Monday, 30 January 2012

Hemadri's Four Fundamental Questions for Clinical Quality Improvement

Hemadri's 4 fundamental questions for Clinical Quality Improvement

1) Do you have local clinicians' agreement on clinical healthcare delivery? (Doing the same thing by all professionals in the same manner for the same condition)

2) Are you measuring the right things in the right manner? (Measuring process and outcomes over time)

3) Do you have a human approach to leadership and management? (In other words do your staff love you, do your patients love you? Working with and enjoying ambiguity and limitations)

4) Can you prove meaningfully that you have shared to others and you have learned from others within your organisation? (Proof that every individual does whole system improvement)

To some of you these four questions might sound like cliches. To some of you these might be stating the blindingly obvious. The questions are not 'lay'; they are highly technical questions with strong theories and some practical examples behind them. There are specific and explicit frameworks, methods and techniques to explore these questions and then to make them happen.

There is a general impression that healthcare does all the four well; especially if you work in healthcare you may be tempted to answer 'Yes' to all the four questions. You may even proceed to argue and 'prove' it. There is much evidence that healthcare in general lacks all the above four. The chances are it will be surprising if many areas of healthcare delivery had even one of these. But once these questions can be answered with a real 'Yes' healthcare leaps into a bright better zone.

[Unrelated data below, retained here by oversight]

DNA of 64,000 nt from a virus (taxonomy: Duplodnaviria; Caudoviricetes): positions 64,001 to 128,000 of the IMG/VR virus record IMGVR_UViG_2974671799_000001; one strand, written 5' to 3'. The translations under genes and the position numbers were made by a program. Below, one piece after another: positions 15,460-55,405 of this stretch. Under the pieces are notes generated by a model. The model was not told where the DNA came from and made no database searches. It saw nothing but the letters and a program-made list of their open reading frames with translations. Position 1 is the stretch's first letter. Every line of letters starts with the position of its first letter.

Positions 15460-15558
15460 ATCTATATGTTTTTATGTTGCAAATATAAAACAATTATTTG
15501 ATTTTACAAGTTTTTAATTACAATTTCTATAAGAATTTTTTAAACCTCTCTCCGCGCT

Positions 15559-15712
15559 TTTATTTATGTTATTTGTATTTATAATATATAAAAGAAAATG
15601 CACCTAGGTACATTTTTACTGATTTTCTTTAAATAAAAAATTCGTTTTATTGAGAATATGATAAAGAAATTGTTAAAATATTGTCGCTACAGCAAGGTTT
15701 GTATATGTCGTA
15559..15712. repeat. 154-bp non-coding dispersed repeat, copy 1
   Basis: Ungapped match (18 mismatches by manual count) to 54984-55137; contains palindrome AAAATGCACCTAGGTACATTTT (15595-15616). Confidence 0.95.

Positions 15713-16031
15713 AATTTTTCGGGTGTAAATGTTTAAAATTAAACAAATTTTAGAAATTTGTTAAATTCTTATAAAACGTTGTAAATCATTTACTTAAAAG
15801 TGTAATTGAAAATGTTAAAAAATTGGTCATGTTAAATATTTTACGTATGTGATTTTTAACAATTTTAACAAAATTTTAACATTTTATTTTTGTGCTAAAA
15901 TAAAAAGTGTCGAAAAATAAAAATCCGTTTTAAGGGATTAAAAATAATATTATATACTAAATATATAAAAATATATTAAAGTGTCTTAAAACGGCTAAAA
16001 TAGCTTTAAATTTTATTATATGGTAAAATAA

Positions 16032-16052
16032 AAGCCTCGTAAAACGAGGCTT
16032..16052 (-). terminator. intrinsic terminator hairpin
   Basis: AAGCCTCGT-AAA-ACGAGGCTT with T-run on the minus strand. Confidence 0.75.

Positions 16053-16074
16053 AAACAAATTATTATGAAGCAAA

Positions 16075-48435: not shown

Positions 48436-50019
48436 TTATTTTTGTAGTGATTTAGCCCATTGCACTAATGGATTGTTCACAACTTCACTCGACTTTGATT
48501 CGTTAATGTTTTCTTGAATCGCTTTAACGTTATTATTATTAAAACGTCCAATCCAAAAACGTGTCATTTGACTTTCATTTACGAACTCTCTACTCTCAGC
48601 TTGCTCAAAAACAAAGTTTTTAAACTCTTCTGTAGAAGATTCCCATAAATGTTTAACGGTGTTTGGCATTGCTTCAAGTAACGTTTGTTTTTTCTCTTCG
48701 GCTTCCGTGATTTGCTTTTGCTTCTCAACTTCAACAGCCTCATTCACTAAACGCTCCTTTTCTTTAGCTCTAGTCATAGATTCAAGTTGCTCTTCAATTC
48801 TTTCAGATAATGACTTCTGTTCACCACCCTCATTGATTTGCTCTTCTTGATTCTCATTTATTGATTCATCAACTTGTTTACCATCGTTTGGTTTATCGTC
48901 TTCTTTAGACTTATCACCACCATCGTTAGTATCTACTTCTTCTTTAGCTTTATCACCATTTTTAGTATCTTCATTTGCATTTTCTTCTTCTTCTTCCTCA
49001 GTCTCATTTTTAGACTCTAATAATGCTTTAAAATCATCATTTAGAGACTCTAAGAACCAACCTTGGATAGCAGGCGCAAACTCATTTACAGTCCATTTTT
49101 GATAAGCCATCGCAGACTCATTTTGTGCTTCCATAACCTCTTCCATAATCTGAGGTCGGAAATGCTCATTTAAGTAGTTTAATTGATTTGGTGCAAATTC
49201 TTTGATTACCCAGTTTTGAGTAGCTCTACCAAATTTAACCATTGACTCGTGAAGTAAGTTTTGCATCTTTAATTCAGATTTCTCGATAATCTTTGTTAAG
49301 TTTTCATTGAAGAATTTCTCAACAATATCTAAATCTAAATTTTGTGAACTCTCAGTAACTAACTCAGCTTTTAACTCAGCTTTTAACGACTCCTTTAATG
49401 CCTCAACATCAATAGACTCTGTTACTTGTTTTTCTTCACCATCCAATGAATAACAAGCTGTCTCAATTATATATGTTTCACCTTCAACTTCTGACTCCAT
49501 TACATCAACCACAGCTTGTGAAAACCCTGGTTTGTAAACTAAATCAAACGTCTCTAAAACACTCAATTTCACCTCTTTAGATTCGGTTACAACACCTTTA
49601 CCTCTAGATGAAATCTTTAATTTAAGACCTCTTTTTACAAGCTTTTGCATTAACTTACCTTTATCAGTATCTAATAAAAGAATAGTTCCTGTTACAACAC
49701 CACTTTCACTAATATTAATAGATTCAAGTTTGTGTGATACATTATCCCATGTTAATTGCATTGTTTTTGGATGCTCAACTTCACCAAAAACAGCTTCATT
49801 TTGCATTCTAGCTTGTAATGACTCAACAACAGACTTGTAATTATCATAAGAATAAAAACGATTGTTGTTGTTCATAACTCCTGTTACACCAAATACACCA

Success in Healthcare can be found only if the the answers to all the four questions can be a clearly demonstrated 'YES'.

We explore these at the CQI to some extent. I am hoping that over a period of time I should be able to blog about these things in specific detail rather than in broad general terms. Perhaps even write a book.

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chandu said...

You have raised very pertinent questions. The piece is also very well written. With patient-orientated approach that has been promulgated the answer to the first question cannot be a Yes. Although the conditions may be the same, the patients are different and so will be their management. We do have local and national guidelines in place but I have often found it difficult to translate them to each and every patient alike. Should patient's opinion be included in the assessment of CQI? Nice work Hemadri.

HEMADRI said...

Thanks Chandu.
Patients will be different of course, will all clinicians agree to manage those differences in the same way is the question. So patient generated differences - allowed; clinician generated differences - 'not allowed'.
I will write about local and national guidelines soon; I share your frustration.
Patients opinion is essential to CQI and is included in my 3rd question. If our patients don't 'love' us, it means we have work to do